Delaware Association of Police v. Donahue

Annotate this Case

298 A.2d 342 (1972)

DELAWARE ASSOCIATION OF POLICE, Appellant-Employer, v. John DONAHUE, Appellee-Employee.

Superior Court of Delaware, New Castle.

November 20, 1972.

Stephen P. Casarino, Tybout, Redfearn & Schnee, Wilmington, for appellant-employer.

Clement C. Wood, Allmond & Wood, Wilmington, for appellee-employee.


O'HARA, Judge.

This is an appeal by the employer from an award of the Industrial Accident Board ("Board") ordering continued payment of claimant's medication expenses stemming from an industrial accident in 1957. The Court feels that this case falls squarely within the rule enunciated by this Court in Pusey v. Reed, 258 A.2d 460 (Del.Super. 1969) and that the Board erred in its decision.

The Board found that claimant had suffered a severe head injury while employed at Camp Barnes and that, as a result of this injury, claimant suffered from traumatic epilepsy, a condition controllable by regular use of the drug Dilantin. Employer's insurance carrier paid the costs of treating claimant until the compensation was terminated by agreement of carrier and claimant's father (claimant was then a minor) effective January 7, 1959. This compensation termination agreement was filed with the Board on December 7, 1959.

*343 In spite of the termination agreement, carrier voluntarily continued to pay claimant's medication costs after January 7, 1959 until, in December, 1971, it notified claimant that it would no longer pay for the drugs. Whereupon, claimant filed a petition for review of compensation with the Board.

The key in this case lies in the definition of "compensation" as defined in our Workmen's Compensation Act[*] read in conjunction with § 2361(b) of that Act. When read in this light, it is clear that "compensation" within the meaning of § 2361(b) is only those services and benefits provided "under an agreement approved by the Board, or by an award of the Board". The section further provides that "no statute of limitation shall take effect until the expiration of five years from the time of the making of the last payment for which a proper receipt has been filed with the Board". No receipt was filed for any of the drug payments in the twelve years between December, 1959, and December, 1971.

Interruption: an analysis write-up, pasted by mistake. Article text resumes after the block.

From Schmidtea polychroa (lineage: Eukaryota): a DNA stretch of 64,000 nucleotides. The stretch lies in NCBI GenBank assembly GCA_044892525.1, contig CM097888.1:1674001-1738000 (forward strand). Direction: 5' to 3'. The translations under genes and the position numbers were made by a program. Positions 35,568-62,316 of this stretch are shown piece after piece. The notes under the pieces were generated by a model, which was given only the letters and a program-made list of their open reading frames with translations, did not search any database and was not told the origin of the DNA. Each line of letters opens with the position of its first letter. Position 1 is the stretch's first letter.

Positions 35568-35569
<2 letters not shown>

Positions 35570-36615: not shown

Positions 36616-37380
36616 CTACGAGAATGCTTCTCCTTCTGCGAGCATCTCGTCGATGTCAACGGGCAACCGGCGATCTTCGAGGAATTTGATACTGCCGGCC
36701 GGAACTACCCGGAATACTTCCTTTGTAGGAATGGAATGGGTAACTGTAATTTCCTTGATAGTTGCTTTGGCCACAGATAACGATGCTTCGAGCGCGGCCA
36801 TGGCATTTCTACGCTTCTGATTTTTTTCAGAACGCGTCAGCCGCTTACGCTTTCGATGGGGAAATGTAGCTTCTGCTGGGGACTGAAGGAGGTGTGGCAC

The reliance of the Board upon Judge William T. Quillen's opinion in Celanese Plastics Co. v. Harrison, 5278 Civil Action 1971, Letter Opinion (Feb. 12, 1972) is inapposite. In Harrison, the Judge held that the two year statute of limitations of § 2361(a) applied, rather than the five year limitation of § 2361(b), where it did not appear that the compensation payments were made pursuant to an agreement approved by the Board or an award of the Board. Bethlehem Shipbuilding Corporation v. Mullen, 2 W.W.Harr. 55, 119 A. 314 (Del.Super.1922), is distinguishable on the grounds that the section limiting action in effect at that time did not begin the running of the statute of limitations from the filing of a receipt with the Board but from the date of the accident. Neither is there sufficient evidence in the record to support a contention that employer is estopped in that claimant was lulled into inactivity and loss of standing to make a claim. Ruddy v. I. D. Griffith & Co., 237 A.2d 700 (Del. Supr.1968).

Delaware is in a distinct minority in its treatment of medical payments in situations of this type. Cf. Larson's Workmen's Compensation Law, § 78.43(b). However harsh may be the result and however restrictive we may consider the statute, the Legislature has unequivocally expressed its intent and it is for the Legislature to change the statute.

The case is remanded to the Industrial Accident Board with instructions to dismiss claimant's petition as barred by 19 Del.C. § 2361(b) with costs to appellant.

It is so ordered.


[*] "`Compensation' wherever the context requires it, includes surgical, medical and hospital services, medicines and supplies, and funeral benefits, provided for in this chapter;" 19 Del.C. § 2301.